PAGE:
In a city known for its thriving skate culture, one Brooklyn mom is working hard to create a world class inclusive skate park in memory of her son.
The Brooklyn Skate Garden, inspired by beloved professional skateboarder Pablo Ramirez who died in 2019, is an innovative community wide effort to redefine a Brooklyn green space and give skaters in the neighborhood a place to call home.
Plans for the space play to both parts of its name. Part skatepark, part green retreat, The Brooklyn Skate Garden will be an eco-space that meshes sports, environmental education, the arts and sustainability, Pablo’s mother Loren Michelle told BK Reader. At this stage, Michelle said there’s no set location for the park.
“This has never been done before, this is an innovative model for how communities can come together through the power of skateboarding,” Michelle said.
The idea for the Brooklyn Skate Garden was formed in 2019 when friends and community members gathered to celebrate the respected skateboarder, who was also an artist and jazz drummer, at a memorial jazz picnic in Prospect Park. “There was one guy who just came right out and said we should get a skate park,” Michelle said.
“I thought, you know, this is a big job. But then we all started talking about how it would be an amazing way to honor Pablo.” Since then, organizers have hosted skate events, mural paintings, park cleanups and a wide range of inclusive activities to bring locals together to get the word out.
The Brooklyn Skate Garden wants to offer something to everyone in honor of Pablo’s many talents and passions, Michelle said, adding the aim was to create a holistic and green space for everyone.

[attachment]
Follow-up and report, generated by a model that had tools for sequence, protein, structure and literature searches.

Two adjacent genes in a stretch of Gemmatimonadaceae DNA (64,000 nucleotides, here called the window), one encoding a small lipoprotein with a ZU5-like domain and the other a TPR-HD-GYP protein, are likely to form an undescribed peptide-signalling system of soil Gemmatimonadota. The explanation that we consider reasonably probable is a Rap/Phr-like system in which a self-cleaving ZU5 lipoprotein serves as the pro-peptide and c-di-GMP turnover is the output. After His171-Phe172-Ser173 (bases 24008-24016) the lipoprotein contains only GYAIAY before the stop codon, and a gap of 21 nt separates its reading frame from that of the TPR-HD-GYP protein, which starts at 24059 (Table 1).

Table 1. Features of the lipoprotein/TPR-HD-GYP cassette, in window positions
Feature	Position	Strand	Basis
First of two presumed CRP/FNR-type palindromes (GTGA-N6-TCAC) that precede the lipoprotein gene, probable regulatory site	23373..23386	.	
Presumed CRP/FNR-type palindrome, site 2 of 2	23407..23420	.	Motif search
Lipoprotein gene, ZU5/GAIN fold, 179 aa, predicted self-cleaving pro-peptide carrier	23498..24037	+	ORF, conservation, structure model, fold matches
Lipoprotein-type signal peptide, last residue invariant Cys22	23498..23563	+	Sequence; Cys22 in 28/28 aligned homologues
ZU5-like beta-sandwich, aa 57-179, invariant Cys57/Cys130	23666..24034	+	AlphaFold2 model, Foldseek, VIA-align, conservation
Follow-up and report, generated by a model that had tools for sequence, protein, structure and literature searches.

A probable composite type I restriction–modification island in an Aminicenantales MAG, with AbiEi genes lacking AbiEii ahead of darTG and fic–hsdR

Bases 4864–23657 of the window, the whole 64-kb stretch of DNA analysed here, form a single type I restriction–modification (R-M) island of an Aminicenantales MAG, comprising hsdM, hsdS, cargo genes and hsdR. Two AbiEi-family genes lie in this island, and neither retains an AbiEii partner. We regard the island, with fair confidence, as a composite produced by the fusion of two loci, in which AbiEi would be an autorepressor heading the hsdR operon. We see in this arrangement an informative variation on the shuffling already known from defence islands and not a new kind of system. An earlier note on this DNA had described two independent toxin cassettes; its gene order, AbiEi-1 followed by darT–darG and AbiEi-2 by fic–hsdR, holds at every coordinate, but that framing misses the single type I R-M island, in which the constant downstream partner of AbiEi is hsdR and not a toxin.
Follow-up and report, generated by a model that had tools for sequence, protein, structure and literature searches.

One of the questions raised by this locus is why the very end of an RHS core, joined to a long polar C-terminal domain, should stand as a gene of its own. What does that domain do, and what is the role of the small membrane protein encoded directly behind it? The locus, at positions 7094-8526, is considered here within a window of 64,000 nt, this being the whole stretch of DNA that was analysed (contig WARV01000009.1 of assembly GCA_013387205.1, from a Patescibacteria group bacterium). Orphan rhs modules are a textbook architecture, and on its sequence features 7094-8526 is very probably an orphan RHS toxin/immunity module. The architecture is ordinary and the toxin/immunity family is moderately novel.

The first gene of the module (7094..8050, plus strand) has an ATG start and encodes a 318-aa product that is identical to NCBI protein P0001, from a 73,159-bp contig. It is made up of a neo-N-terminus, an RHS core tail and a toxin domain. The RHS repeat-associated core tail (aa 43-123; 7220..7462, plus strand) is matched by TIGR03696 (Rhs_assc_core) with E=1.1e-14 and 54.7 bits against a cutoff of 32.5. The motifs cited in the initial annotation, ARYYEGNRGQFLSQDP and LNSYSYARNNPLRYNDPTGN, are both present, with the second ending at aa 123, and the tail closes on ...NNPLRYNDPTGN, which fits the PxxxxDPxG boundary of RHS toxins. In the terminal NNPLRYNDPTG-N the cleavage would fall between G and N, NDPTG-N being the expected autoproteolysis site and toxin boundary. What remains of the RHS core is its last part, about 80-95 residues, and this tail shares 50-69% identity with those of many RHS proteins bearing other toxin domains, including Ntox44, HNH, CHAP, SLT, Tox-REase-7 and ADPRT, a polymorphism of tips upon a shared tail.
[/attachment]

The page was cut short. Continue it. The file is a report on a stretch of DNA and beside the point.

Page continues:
“We want to break all these boundaries and barriers and our meetups are already doing just that — we have kids, young women, even my 60-year-old husband now riding on a board,” she said. While plans are still in development, Michelle said the aim was to redefine the boundaries that had steered many away from skating and skate parks in the past.
The plan for the park includes concrete slabs for skaters, accessible walkways and lush greenery. The public green space is currently listed on the participatory budgeting ballot for Council District 39, which includes parts of Kensington, Park Slope, Cobble Hill and Carroll Gardens.
The park would need $300,000 for the initial planning stage, and much more to fund the project. Michelle is working around the clock to get local residents and skaters on board for the project, which will be voted on by community members over 11 years of age, along with a number of other possible community projects.
If The Skate Garden is approved through participatory budgeting, it will give Michelle and the Pablo Ramirez Foundation funding to get the park off the ground through the first stage of planning. Michelle founded the Pablo Ramirez Foundation to honor Pablo and promote a positive lifestyle through skateboarding, music and art for kids and young adults. The foundation selects non-profit partners to give grants and scholarships to kids and young adults in need; and hosts skateboard, art openings and music events.
“New York is the center of the universe, everything comes from New York and we need to pave the way,” Michelle said.
“Brooklyn is this incubator of innovation, and once we do make a skate garden here I want to see it everywhere — we want to create a model that the world will follow.”
District 39 residents 11 years old and up can vote for participatory budgeting from April 5th to April 14th, for more information click here.
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